The program divides the system into numerical squares. It then subdivides the squares into even smaller overlapping squares and rectangles. Once divided, the problem can be easily split up among the thousands of processors available on petascale computing systems. After the calculations are complete the program reassembles the pieces, then performs Wang’s critical step.

“If you do this cleverly, and we have a formula to do this, then the surface of the larger pieces cancels out the surface of the smaller pieces so there will be one core piece left, which just corresponds to the interior of the original system,” Wang says.

This core piece, with artificial seams removed, provides crucial information about the system’s quantum mechanical state, which can then be used to complete the total energy calculation. The program then uses this information to calculate the electrostatic energy of whole system, a much less resource-intensive calculation. The two energy results combine to generate the structure’s total energy and potential.

Being able to remove the artifacts created by dividing up the problem allows large complex systems to be treated like a series of small problems, which is ideal for distributed petascale computing.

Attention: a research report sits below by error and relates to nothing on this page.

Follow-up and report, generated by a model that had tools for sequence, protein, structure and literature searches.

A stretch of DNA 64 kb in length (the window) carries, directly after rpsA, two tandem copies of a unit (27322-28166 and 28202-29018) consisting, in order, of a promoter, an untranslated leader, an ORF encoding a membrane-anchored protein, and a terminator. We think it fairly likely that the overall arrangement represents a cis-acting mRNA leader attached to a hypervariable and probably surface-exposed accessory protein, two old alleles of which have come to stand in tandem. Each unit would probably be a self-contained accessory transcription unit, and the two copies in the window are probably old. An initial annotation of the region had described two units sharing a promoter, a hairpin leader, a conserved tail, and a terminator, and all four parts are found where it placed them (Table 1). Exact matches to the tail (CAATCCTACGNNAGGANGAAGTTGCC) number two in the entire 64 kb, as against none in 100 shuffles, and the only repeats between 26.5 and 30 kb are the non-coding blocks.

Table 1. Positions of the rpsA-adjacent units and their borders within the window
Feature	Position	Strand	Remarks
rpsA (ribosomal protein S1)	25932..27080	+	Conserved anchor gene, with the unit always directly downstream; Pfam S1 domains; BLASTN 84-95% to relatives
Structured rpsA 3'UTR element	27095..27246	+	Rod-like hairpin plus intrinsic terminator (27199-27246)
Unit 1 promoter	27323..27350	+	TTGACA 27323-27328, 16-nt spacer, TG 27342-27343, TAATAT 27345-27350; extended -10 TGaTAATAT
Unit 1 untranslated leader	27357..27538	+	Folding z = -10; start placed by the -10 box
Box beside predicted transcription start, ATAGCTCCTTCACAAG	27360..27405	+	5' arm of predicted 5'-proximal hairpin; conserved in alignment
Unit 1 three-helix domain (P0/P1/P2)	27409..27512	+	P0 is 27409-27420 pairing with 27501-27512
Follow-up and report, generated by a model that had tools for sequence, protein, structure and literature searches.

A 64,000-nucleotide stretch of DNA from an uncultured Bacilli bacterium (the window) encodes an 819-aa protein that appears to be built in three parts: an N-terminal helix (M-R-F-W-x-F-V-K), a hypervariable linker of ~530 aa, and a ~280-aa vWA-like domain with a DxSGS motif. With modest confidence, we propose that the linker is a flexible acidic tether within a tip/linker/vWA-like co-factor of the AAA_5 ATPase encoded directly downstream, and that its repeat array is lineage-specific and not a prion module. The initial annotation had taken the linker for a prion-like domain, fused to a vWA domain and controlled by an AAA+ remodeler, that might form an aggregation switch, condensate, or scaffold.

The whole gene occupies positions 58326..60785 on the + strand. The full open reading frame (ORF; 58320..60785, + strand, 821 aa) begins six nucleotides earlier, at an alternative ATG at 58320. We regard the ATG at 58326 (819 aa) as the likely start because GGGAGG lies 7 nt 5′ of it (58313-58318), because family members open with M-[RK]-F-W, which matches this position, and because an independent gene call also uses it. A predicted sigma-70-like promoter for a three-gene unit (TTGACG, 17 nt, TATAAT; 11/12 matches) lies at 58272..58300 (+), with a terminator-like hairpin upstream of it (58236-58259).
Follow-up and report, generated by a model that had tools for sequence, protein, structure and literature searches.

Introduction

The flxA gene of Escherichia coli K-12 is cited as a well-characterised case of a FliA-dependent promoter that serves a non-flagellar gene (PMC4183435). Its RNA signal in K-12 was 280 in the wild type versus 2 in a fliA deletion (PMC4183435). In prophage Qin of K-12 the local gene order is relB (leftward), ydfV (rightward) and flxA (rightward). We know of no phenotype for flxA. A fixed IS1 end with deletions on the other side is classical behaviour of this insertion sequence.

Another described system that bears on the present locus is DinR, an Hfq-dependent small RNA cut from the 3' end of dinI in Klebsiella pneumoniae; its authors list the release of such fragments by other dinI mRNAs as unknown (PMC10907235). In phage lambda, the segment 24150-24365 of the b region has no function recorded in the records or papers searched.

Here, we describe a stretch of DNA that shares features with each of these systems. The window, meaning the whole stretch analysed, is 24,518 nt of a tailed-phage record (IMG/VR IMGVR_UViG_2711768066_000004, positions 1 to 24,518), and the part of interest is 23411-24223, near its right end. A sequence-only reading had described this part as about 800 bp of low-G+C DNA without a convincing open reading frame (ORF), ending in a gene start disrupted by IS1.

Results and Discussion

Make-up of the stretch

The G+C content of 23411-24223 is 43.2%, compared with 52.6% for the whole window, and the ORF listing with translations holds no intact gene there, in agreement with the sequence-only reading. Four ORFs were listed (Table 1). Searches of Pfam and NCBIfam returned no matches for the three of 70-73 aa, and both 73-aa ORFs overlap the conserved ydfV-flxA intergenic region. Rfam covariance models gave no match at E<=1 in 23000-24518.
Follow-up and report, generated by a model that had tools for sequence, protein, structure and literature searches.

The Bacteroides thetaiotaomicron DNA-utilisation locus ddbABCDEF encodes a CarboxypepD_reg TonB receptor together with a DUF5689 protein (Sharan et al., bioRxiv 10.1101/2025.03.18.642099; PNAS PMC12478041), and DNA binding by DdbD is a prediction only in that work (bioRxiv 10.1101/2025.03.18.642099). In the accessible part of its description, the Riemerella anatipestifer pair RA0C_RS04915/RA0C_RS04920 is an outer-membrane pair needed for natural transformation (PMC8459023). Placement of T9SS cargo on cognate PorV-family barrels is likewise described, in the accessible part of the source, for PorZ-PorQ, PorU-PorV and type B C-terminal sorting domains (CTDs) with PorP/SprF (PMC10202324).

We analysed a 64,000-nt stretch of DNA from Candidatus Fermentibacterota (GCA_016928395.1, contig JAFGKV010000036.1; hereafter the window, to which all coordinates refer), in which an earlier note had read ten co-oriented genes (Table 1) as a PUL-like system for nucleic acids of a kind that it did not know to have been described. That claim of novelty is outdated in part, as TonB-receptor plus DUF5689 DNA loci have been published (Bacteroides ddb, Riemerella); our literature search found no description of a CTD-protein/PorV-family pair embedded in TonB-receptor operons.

The mathematical breakthrough was only the first step to achieving efficient scaling on massively parallel computing systems. Bailey, Shan and Strohmaier of the DOE Office of Science’s Scientific Discovery through Advanced Computing (SciDAC) Performance Engineering Research Institute (PERI) analyzed the algorithms to identify potential performance improvements.

The analysis revealed major roadblocks to achieving peak performance on parallel machines. Many of the programming glitches dealt with how four subroutines communicate and share information. For example, the computational team suggested storing data in memory, rather than storing data on disk, which requires a much more cumbersome and time-consuming method of communication. This change greatly improved scalability and overall performance.

The team performed a series of small test simulations to compare LS3DF’s results to the best DFT programs, such as PARATEC and PEtot. The algorithm produced results that approach the accuracy of DFT. In addition, based on how long it takes PEtot to complete the simulation, the team calculated that LS3DF would be faster with any system larger than 600 atoms.

Armed with a program optimized to parallel computing, Wang and his colleagues chose a real-world problem for a proof of concept. They used LS3DF to test whether a proposed new solar cell material could generate enough electricity to be cost effective. The zinc-telluride-oxygen alloy, first proposed by LBNL, is an oxide that could potentially be less expensive to produce than current solar cell materials. The catch is that similar zinc-telluride semiconductors have proven too inefficient to be practical for solar cells.

The new material included 3 percent oxygen to provide what the materials scientists hope will be a boost to its energy efficiency. The oxygen acts like a stepping stone, allowing electrons excited by solar photons to span an expanse, or “band gap” in the middle of the zinc-telluride, that would otherwise be too wide for many of them to jump. This extra step could increase the material’s energy efficiency from 30 percent to 60 percent.